I found out I was pregnant in late March 2011. It was a Wednesday morning. I remember feeling extremely happy yet scared to death. This was huge! My boyfriend and I had always discussed having children but never set a plan as to when we thought might be the right time. It came as a surprise but nonetheless a very happy one. I went on to a doctor and everything seemed to be going normally. I religiously read “What to expect when you’re expecting” and received the BabyCenter emails. Week to week they would compare my baby to a piece of fruit. I was delighted to be experiencing pregnancy. My doctor sent me at 26 weeks to Regina for an ultrasound. Not because anything was wrong but just to have a really great experience. On the way there I remember feeling sharp pains and later was diagnosed with a bladder infection. Then it all changed.
I was in constant discomfort feeling short of breath, my body ached all the time. I could hardly get around and even though I had barely gained a thing I waddled like I was 9 months pregnant and ready to deliver any second. I could get no relief. Sleeping was impossible. I spent many days in bed upset and depressed because I was so uncomfortable but knew I still had at least 12-14 weeks to go. It was Tuesday, September 20th and we went to the hospital. I remember like it was yesterday. I was having extreme chest pains. My blood pressure was skyrocketing. The doctor came the next morning and told me I had the HELLP Syndrome. A life-threatening obstetric complication usually considered to be a variant or complication of pre-eclampsia. She said to get to Saskatoon and prepare to have your baby by the weekend. What? No, I’m feeling better. Please let me go home. We’re not ready.
Once in Saskatoon, it all happened pretty fast. My placenta had been detaching so the baby hadn’t been growing. She was starving. The only cure for the Hellp Syndrome was to deliver. It really was a life or death situation. I was only 29 weeks. They started to induce me on the Friday. I turned 30 weeks that day. Sunday the 25th Avaeah was born via emergency c-section. None of this was in my birth plan. I did everything I was supposed to do. Why was this happening to us? She weighed 900 grams. The size of a 26-27 week baby. The first time I saw her in the NICU full of cords and tubes I couldn’t believe my eyes. She barely looked like a baby. The doctors and nurses were amazing. Although they could never give us definite answers as to what was going to happen they were comforting and I trusted them completely. I had no choice. We spent 11 weeks in NICU. It was a month before I could hold her and even then it was only for a few minutes. Day by day I sat and stared at her. The ringing of the monitors in the background. After a while, you tune them out. We definitely had our ups and downs. 3 steps forward and 2 steps back seemed to be the norm. I always tell people that for what the experience had to be, even though it wasn’t the hallmark card birth we all plan for, it was good. I couldn’t change what was happening, I had to embrace it. I had to be strong for my little girl. I feel like I appreciate motherhood more because of our experience and being her mother is a gift.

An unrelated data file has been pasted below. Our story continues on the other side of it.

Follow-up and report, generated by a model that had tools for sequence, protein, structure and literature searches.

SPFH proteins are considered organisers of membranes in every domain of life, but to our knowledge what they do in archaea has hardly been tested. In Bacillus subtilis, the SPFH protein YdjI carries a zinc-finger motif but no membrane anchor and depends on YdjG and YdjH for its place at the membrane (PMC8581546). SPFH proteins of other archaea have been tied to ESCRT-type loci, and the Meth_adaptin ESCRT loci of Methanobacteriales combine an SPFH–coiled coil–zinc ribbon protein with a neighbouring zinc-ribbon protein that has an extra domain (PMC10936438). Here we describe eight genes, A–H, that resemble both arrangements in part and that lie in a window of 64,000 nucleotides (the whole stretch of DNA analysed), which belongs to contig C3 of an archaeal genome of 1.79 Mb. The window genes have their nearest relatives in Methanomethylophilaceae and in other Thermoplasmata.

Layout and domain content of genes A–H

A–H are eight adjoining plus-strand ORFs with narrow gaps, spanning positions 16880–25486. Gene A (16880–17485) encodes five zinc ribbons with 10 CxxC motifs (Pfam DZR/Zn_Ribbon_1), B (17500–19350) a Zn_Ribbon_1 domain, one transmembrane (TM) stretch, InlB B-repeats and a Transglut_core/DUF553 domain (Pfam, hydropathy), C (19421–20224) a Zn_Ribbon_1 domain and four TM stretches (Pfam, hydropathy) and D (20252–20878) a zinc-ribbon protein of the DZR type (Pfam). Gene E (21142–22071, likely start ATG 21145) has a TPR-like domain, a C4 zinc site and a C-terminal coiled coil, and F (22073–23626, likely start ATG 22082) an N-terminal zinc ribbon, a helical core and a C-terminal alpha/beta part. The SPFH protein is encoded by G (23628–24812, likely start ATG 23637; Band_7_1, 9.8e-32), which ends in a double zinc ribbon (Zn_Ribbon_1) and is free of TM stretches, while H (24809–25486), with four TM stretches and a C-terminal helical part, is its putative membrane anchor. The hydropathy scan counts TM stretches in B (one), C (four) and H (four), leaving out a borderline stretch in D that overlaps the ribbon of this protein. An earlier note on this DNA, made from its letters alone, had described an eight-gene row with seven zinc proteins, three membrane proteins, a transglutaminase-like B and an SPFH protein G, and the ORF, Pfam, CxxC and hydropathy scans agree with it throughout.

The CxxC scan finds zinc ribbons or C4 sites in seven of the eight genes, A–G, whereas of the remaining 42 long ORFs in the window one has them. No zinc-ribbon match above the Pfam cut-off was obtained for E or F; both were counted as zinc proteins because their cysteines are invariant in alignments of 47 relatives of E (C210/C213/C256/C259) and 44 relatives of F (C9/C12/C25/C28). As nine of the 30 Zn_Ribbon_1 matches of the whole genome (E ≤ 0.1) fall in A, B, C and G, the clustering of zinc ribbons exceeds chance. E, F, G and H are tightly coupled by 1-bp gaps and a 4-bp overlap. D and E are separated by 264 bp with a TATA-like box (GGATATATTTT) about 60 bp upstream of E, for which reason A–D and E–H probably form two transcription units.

She is truly my little miracle baby. She had everything against her and now 2 years old she is the most perfect little being I have ever laid eyes on. I can’t say enough wonderful things about the doctors and nurses. They are real life hero’s and we will always be grateful for the care they gave Avaeah. My now husband proposed to me in the NICU. It was 3 days before we were discharged home in bay 6 in front of the nurses and other parents. A complete surprise but a no doubt a wonderful one. A perfect ending to our journey in the NICU.
Our success is warranted to the tremendous support Bloom receives from local community through corporate sponsorship and from the Jim Pattison Children’s Hospital Foundation of Saskatchewan. A variety of sponsorship packages are available.